Another issue is just how far the tax credits would go in helping Americans pay for their own insurance. The average cost of a family plan these days is more than $12,680, according to the 2008 employer health benefits survey conducted by the Kaiser Family Foundation and the Health Research & Educational Trust, so low- or middle-income workers may have more trouble making up the difference out of their own pockets, analysts say.
Analysts also point out that McCain's tax credits will lose value over time as medical costs rise.
''Here's the thing,'' Oberlander said. ''Over time, health insurance costs are going to go up at a very significant rate, but the credit is not indexed to medical inflation -- it is indexed to general inflation -- so it's a hidden tax increase. The value of that credit erodes over time. It would not make up, for as many people, the difference in terms of what they have to pay for health insurance costs.''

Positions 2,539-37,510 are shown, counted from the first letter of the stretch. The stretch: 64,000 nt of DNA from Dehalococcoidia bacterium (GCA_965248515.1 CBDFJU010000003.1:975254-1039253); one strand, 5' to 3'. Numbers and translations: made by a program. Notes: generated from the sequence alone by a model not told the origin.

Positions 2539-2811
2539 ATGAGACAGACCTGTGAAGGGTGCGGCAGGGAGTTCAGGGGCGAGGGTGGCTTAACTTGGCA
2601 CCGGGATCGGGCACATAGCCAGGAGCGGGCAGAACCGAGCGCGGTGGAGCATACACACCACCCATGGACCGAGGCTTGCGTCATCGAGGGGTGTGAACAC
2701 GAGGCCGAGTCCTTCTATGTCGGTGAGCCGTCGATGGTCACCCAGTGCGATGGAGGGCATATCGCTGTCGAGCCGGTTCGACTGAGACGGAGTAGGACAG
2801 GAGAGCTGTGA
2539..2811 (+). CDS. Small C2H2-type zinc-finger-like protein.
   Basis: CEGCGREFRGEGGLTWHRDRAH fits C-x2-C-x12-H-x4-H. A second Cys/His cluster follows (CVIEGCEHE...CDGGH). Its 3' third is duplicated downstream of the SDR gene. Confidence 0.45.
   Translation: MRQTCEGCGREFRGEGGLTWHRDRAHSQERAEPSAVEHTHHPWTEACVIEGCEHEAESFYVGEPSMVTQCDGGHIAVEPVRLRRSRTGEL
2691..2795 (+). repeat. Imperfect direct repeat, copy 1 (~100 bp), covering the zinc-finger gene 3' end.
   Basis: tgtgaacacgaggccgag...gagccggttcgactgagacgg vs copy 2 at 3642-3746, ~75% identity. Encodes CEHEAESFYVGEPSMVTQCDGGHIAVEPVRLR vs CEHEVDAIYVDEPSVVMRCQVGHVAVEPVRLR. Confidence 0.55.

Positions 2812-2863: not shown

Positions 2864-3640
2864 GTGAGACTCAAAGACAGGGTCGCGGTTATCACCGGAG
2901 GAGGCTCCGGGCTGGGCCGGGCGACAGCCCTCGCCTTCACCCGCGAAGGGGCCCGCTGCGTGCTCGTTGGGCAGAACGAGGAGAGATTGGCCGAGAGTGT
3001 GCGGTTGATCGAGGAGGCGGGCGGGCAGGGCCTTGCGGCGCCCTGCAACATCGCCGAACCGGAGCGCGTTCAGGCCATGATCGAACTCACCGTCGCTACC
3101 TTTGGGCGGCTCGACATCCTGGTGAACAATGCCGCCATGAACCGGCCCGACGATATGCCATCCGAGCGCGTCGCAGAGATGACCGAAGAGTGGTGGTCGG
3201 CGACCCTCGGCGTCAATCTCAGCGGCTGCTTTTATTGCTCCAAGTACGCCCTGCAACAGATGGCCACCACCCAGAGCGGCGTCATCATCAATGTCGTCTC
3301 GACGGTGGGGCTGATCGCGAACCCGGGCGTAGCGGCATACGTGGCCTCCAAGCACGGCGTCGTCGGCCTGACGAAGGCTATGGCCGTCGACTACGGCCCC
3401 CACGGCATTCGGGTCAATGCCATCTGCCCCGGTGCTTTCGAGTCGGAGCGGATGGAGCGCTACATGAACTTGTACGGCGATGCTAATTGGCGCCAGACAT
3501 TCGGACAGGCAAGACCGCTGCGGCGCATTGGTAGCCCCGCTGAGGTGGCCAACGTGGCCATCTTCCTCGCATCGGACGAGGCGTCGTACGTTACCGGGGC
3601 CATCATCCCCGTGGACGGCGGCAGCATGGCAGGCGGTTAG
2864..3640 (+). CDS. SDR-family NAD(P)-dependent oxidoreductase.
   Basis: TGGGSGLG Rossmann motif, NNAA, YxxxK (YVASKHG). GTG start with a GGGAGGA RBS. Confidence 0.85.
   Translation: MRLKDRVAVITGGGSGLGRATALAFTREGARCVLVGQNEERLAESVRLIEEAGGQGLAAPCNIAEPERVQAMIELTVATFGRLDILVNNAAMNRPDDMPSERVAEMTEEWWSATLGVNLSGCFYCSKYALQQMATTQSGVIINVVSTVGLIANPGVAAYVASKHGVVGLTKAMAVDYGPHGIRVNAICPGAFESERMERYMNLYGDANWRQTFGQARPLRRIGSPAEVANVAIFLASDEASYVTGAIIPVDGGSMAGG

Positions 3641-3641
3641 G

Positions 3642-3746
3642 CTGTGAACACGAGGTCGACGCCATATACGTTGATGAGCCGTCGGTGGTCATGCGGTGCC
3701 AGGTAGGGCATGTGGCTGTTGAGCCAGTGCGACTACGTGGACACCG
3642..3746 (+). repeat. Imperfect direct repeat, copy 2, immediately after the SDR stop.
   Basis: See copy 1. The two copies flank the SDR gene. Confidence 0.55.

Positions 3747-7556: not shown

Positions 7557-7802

But the tax credits are still better than what the uninsured have at the moment, Tolbert said.
''McCain would argue that for people who are having to purchase coverage on their own now, who aren't offered coverage by their employer and aren't eligible for existing public programs, they're getting no help at all,'' she said.
Deregulation of health care would benefit young, healthy Americans the most. Analysts say older, sicker people would have a harder time finding someone to cover them under McCain's plan, an issue McCain would address by creating high-risk pools to keep down costs.
Obama's National Health Insurance Exchange would automatically cover people with pre-existing conditions, and income-based subsidies would make the insurance more affordable.